Quick M for improved fillet qualit
The correct feed can help reduce dark spots and improve fillet quality. Nofima has estimated that almost 20% of all salmon farmed in Norway suffer from melanin spots, which result in major production losses and extra work. The total loss in value for Norwegian salmon production may actually approach NOK 500 million. BioMar Quick M feed has a tested and proven beneficial effect on melanin spots.
Supplying essential fatty acids and antioxidants through the feed can reduce the incidence of dark spots. Antioxidants guard the body’s own tissue against tissue damage by stabilising the cell membranes and protecting them from harm. Tests involving adding krill to feed have demonstrated a reduction in dark fillet spots of up to 20%.
Krill is known for its capacity to combat the harmful effects of viral infections in the heart caused by the PRV virus. There is evidence to suggest that this is the same virus that triggers melanin spots.
What are melanin spots?
The occurrence of dark spots and melanin spots in salmon meat has increased in recent years. Dark spots affect our perception of the quality of the fillet. As a result, the financial consequences linked to dark spots are significant.
Melanin is a dark brown pigment produced by infection cells known as melanomacrophages. The pigment is not harmful to eat, nor is it harmful to the fish. In fact, it is an antioxidant and the result of the fish’s natural defence against tissue damage. Melanin occurs naturally in fish skin, providing protection against tissue damage when fish are exposed to sunlight. In addition, melanin serves to encapsulate infectious agents that the body is unable to eliminate. The reason why dark spots are considered a problem is first and foremost on account of the aesthetic experience.
Comprehensive research has been conducted to understand the root cause of these spots, and thus to find ways to reduce their appearance. ‘Dark spots’ is an umbrella term for several types of spot: blood spots and brown-black spots with a varying content of melanin.
Research indicates that they start out as blood spots and then pass through a healing process that involves scarring and a gradual accumulation of melanin. The dark spots are probably the result of a slowly developing infection, and there is much evidence to suggest that the PRV virus that appears in both wild and farmed salmon can produce melanin deposits in fillets.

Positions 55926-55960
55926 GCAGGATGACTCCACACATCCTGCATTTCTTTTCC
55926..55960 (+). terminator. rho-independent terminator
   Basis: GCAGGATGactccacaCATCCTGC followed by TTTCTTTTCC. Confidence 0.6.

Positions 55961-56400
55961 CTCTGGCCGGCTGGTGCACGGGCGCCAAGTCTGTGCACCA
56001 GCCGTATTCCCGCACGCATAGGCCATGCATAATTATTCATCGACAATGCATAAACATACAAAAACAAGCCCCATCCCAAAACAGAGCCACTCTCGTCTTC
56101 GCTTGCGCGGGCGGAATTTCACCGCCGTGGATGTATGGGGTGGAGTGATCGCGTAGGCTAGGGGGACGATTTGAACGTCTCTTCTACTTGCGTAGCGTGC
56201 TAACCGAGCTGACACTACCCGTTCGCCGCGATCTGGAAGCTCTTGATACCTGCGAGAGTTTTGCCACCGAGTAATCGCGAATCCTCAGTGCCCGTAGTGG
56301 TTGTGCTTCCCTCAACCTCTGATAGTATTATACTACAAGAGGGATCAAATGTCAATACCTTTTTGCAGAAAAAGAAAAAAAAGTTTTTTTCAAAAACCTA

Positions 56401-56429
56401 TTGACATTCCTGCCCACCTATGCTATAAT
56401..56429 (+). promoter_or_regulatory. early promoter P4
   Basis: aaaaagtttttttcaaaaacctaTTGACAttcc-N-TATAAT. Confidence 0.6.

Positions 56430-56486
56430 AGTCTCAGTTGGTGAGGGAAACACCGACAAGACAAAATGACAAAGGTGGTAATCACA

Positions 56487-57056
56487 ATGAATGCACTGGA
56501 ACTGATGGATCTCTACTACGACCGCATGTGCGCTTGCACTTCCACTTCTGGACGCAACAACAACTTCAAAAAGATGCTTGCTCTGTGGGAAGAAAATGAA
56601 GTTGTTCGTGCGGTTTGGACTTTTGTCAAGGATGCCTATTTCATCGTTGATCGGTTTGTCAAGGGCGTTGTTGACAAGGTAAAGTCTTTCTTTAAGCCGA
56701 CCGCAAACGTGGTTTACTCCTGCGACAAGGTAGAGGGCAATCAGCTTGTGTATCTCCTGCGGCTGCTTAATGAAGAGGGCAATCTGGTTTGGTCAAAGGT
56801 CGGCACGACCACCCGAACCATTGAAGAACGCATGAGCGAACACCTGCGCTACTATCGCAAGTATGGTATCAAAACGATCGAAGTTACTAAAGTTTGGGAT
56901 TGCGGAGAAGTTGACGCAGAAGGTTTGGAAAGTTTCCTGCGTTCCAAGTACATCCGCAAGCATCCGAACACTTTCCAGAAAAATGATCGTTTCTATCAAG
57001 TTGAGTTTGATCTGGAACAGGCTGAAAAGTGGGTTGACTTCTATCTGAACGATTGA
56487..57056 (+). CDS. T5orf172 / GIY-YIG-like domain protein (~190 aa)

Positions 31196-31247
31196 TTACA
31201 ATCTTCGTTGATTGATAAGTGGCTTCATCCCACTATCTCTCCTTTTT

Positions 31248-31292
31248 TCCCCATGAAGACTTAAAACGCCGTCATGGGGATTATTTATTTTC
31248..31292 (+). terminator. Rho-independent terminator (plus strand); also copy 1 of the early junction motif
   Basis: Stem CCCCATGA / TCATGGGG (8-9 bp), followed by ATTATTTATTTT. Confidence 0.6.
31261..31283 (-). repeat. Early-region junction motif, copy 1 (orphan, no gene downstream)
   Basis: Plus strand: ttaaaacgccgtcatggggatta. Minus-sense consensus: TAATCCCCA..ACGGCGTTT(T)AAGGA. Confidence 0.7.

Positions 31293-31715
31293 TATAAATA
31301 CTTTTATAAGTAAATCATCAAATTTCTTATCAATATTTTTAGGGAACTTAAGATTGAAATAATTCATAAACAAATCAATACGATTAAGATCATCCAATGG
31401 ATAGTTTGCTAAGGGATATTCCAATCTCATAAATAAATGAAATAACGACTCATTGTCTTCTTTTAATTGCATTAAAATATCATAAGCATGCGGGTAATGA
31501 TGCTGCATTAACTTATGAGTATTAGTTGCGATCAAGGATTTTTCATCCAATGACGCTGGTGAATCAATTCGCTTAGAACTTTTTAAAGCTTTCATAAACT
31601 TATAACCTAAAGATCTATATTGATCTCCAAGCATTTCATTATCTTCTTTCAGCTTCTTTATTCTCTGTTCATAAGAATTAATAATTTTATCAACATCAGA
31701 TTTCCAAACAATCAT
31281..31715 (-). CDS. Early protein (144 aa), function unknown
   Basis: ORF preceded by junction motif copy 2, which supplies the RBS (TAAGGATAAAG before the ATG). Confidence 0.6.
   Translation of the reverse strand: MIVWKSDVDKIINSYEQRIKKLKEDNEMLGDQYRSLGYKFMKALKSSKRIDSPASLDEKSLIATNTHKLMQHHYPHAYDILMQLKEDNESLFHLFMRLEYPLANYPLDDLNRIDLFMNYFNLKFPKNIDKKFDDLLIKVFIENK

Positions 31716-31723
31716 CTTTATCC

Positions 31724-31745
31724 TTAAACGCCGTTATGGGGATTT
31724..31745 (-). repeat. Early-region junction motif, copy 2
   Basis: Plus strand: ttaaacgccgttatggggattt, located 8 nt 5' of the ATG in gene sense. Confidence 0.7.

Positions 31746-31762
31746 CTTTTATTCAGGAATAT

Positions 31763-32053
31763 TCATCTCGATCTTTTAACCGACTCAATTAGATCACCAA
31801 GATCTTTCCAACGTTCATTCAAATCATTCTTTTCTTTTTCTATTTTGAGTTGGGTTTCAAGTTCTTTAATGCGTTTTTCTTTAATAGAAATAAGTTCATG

Spots are expensive
It is estimated that this problem affects almost 20% of all salmon produced in Norway, and that it results in appreciable production losses – also in the form of the extra work required to trim fillets with pigment anomalies, and the need to discard ruined muscle mass.
The level of seriousness of the dark spots depends on where they are positioned in the fillets and how big they are. Spots on the belly are less problematic than spots on the back as they are easier to trim off, and large spots are naturally a bigger problem than small ones.
NOK 500 million in direct costs
Assuming that 20% of Norwegian fillets feature dark spots, this means that around 250,000 tonnes of salmon are at risk of having to be discarded. With a reduction in price of approx. NOK 2 per kilo, the estimated loss in value reaches at least NOK 500 million.
According to the fish health report from 2015, the costs linked to dark spots were already approaching NOK 500 million as early as in 2010. There is therefore every reason to believe that these costs are even higher today, given that dark spots have become more common since then.